Kylan Hoener
Undergrad: Southern Oregon University, Ashland, OR - Physics
Track: Optics
Internship: nLight
Currently at nLight



Oddly enough, I started out as a fine art major. I had an aptitude and was planning to become an art teacher – high school, community college, something like that. I took classes like Drawing, Painting, Fundamentals, and Art History. At some point I decided to switch to physics. I don’t remember why exactly, but I do remember feeling that if I continued down the path of getting an art degree, I probably wouldn’t finish. It’s the lack of structure that goes along with being an art major; they don’t want to stifle creativity.
Physics was much more structured, and that appealed to me. Before I knew it, I was president of the physics club. People are always asking me when they find out, “how can you switch between art and physics? How can your brain think like both?” For me, the same talents that made me a good artist make me a good physicist: creativity, good spatial reasoning, and the patience to see something through. Most people don’t realize that fine art and paintings begin as unrecognizable sketches. I do realize that art and science ultimately aren’t the same. I like that science, by design, is irrefutable. It’s the search for the ultimate truth (with physical limitations of course).

My Experience with the Master's Internship Program
I choose the Master’s Industrial Internship Program because it really is a bridge to high-tech industry. After undergrad I was ready to stop living as a college student. I wanted a career that would put me on a financial path that would allow me to have a family and a house. This program offered that. The first three months over the summer were hard. We were given so much work it seemed impossible to finish all of it; but in retrospect that is what prepared us the most. Working in an industrial setting you learn to adapt while moving forward. You won’t know everything; you have to evolve. Mistakes will be made, and you’ll have to figure out how to deal with them in real time while still making progress. It sounds stressful; it is stressful, but so worth it when you look back and see all you’ve accomplished. The internship didn’t feel like an internship. Right from the get-go I was thrown into the world of manufacturing engineering. At first my responsibilities were minimal and I made a lot of mistakes. Everyone was really nice and I did have some amnesty as an intern. Gradually I made fewer mistakes and was given more responsibility. When my internship ended I barely noticed (besides being paid much better). I still went to work the next day on the projects I was currently working on.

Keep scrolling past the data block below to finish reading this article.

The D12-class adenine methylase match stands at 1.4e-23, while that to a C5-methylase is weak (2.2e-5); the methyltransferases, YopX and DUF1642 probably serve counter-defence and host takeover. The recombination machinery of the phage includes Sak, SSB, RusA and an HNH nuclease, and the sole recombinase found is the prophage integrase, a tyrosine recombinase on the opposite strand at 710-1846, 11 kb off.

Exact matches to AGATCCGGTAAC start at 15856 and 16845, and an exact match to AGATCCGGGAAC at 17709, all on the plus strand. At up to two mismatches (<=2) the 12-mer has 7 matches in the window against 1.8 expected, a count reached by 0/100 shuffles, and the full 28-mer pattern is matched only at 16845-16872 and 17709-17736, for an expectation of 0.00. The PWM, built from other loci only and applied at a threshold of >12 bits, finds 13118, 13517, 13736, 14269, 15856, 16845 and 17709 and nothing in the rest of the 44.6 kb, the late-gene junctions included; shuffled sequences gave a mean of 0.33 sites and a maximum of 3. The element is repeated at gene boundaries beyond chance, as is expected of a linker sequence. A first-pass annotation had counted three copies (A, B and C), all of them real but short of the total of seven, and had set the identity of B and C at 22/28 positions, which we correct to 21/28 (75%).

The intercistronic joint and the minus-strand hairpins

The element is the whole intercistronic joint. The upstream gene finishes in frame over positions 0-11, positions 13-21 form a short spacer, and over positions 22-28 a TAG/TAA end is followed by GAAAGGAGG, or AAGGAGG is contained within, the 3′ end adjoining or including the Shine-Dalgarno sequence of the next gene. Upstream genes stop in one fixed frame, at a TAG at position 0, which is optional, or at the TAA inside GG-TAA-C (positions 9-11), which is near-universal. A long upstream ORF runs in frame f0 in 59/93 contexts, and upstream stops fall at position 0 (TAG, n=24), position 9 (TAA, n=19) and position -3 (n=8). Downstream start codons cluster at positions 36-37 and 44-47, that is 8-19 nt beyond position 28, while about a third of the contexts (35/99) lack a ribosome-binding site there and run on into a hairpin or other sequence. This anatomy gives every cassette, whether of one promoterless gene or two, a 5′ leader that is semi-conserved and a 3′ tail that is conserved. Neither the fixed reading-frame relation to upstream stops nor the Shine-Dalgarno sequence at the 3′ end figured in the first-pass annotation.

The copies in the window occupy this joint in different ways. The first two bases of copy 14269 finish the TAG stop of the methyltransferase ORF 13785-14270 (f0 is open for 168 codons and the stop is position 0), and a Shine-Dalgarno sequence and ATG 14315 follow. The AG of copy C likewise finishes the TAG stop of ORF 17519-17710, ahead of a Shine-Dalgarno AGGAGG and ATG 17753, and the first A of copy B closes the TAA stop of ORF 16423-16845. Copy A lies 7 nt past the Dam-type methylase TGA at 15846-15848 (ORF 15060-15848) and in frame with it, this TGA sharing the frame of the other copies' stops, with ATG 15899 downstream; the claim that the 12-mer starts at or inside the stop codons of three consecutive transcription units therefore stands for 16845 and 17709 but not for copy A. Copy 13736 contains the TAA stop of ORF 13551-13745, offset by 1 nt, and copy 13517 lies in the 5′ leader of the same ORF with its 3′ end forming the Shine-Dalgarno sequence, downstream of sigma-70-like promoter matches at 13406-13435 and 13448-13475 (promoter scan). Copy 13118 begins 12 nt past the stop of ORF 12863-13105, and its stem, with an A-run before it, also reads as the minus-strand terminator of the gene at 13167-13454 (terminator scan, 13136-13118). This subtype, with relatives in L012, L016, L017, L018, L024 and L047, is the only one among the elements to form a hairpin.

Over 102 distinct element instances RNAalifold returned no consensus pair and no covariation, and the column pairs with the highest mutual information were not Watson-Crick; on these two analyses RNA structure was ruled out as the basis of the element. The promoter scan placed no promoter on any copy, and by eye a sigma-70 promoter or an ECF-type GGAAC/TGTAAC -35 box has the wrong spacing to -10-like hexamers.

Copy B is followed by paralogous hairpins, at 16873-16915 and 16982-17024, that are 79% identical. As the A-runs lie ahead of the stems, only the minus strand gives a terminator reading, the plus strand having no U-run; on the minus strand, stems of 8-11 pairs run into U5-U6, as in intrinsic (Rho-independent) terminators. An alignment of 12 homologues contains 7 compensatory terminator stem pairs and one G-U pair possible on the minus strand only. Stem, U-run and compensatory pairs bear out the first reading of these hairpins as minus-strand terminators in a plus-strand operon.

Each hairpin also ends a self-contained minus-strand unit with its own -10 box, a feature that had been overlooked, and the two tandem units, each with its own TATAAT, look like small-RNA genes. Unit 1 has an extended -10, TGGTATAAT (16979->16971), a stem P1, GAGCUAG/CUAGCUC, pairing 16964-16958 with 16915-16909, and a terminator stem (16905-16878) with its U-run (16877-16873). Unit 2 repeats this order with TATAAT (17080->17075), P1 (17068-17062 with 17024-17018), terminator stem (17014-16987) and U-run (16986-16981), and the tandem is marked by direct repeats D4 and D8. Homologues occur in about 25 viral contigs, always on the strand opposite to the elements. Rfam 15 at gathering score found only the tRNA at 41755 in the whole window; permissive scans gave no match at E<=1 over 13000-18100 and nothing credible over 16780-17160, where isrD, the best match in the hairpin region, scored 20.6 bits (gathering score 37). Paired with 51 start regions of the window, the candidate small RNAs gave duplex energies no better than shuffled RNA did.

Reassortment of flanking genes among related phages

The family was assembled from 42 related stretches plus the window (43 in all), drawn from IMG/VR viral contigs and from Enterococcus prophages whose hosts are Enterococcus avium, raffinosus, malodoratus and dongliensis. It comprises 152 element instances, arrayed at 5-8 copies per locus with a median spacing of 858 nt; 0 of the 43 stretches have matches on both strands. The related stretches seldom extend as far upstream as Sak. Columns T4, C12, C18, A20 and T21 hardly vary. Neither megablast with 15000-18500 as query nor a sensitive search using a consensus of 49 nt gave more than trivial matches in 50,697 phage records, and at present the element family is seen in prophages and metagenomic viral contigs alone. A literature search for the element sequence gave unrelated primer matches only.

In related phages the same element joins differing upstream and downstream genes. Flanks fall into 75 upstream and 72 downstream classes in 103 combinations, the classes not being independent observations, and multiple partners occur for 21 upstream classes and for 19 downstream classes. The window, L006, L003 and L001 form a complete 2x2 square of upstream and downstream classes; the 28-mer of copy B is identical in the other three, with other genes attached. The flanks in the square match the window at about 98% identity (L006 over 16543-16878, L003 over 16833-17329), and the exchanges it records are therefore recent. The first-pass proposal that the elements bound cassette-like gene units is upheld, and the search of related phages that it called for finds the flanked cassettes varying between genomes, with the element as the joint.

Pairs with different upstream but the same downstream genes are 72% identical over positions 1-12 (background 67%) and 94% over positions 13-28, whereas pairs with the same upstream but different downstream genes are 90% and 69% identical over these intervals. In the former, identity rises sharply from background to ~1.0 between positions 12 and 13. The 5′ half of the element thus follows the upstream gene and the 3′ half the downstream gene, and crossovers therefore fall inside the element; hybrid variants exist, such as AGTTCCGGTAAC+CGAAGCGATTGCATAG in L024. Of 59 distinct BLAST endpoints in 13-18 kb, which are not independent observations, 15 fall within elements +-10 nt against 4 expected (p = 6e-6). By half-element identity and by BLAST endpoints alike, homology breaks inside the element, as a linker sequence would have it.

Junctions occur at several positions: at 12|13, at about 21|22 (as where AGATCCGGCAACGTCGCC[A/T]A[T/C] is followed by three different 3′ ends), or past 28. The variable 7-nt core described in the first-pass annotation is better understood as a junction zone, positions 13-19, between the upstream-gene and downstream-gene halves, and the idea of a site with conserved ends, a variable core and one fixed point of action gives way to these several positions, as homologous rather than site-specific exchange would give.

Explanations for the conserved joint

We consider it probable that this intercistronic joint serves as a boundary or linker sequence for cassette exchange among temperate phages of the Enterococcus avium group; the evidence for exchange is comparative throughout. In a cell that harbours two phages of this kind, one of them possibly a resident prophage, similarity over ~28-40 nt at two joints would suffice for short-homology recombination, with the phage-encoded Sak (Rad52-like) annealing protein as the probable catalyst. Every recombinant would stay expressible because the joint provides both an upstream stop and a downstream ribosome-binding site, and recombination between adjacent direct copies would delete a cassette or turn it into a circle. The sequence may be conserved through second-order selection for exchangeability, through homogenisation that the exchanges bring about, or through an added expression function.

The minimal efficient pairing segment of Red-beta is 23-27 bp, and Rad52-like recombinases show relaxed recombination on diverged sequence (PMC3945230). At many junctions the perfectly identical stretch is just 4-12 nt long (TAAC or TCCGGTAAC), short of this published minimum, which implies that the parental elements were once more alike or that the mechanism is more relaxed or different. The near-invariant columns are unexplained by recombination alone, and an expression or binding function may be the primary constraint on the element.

Process/Manufacturing Engineer at nLight
Working in manufacturing, my job is to keep a production line going. I am responsible for the yields of a variety of products nLight manufactures. My physics background helps me overcome the technical challenges of high technology manufacturing, and my on-the-job training helps me monitor production though statistical analysis and organizational philosophy. I learned terms like Six Sigma and Lean Manufacturing. During my internship I oversaw existing manufacturing lines, but afterward I got to help develop a new product and create a new manufacturing line. I’ve seen not only how to make a new product, but how to make it ten times in a row with the expectation of making it thousands of times in a row.

The Master's Program and my career path
The program introduced me to the company that gave me my career start. Now I have a path to achieve the things I want in life.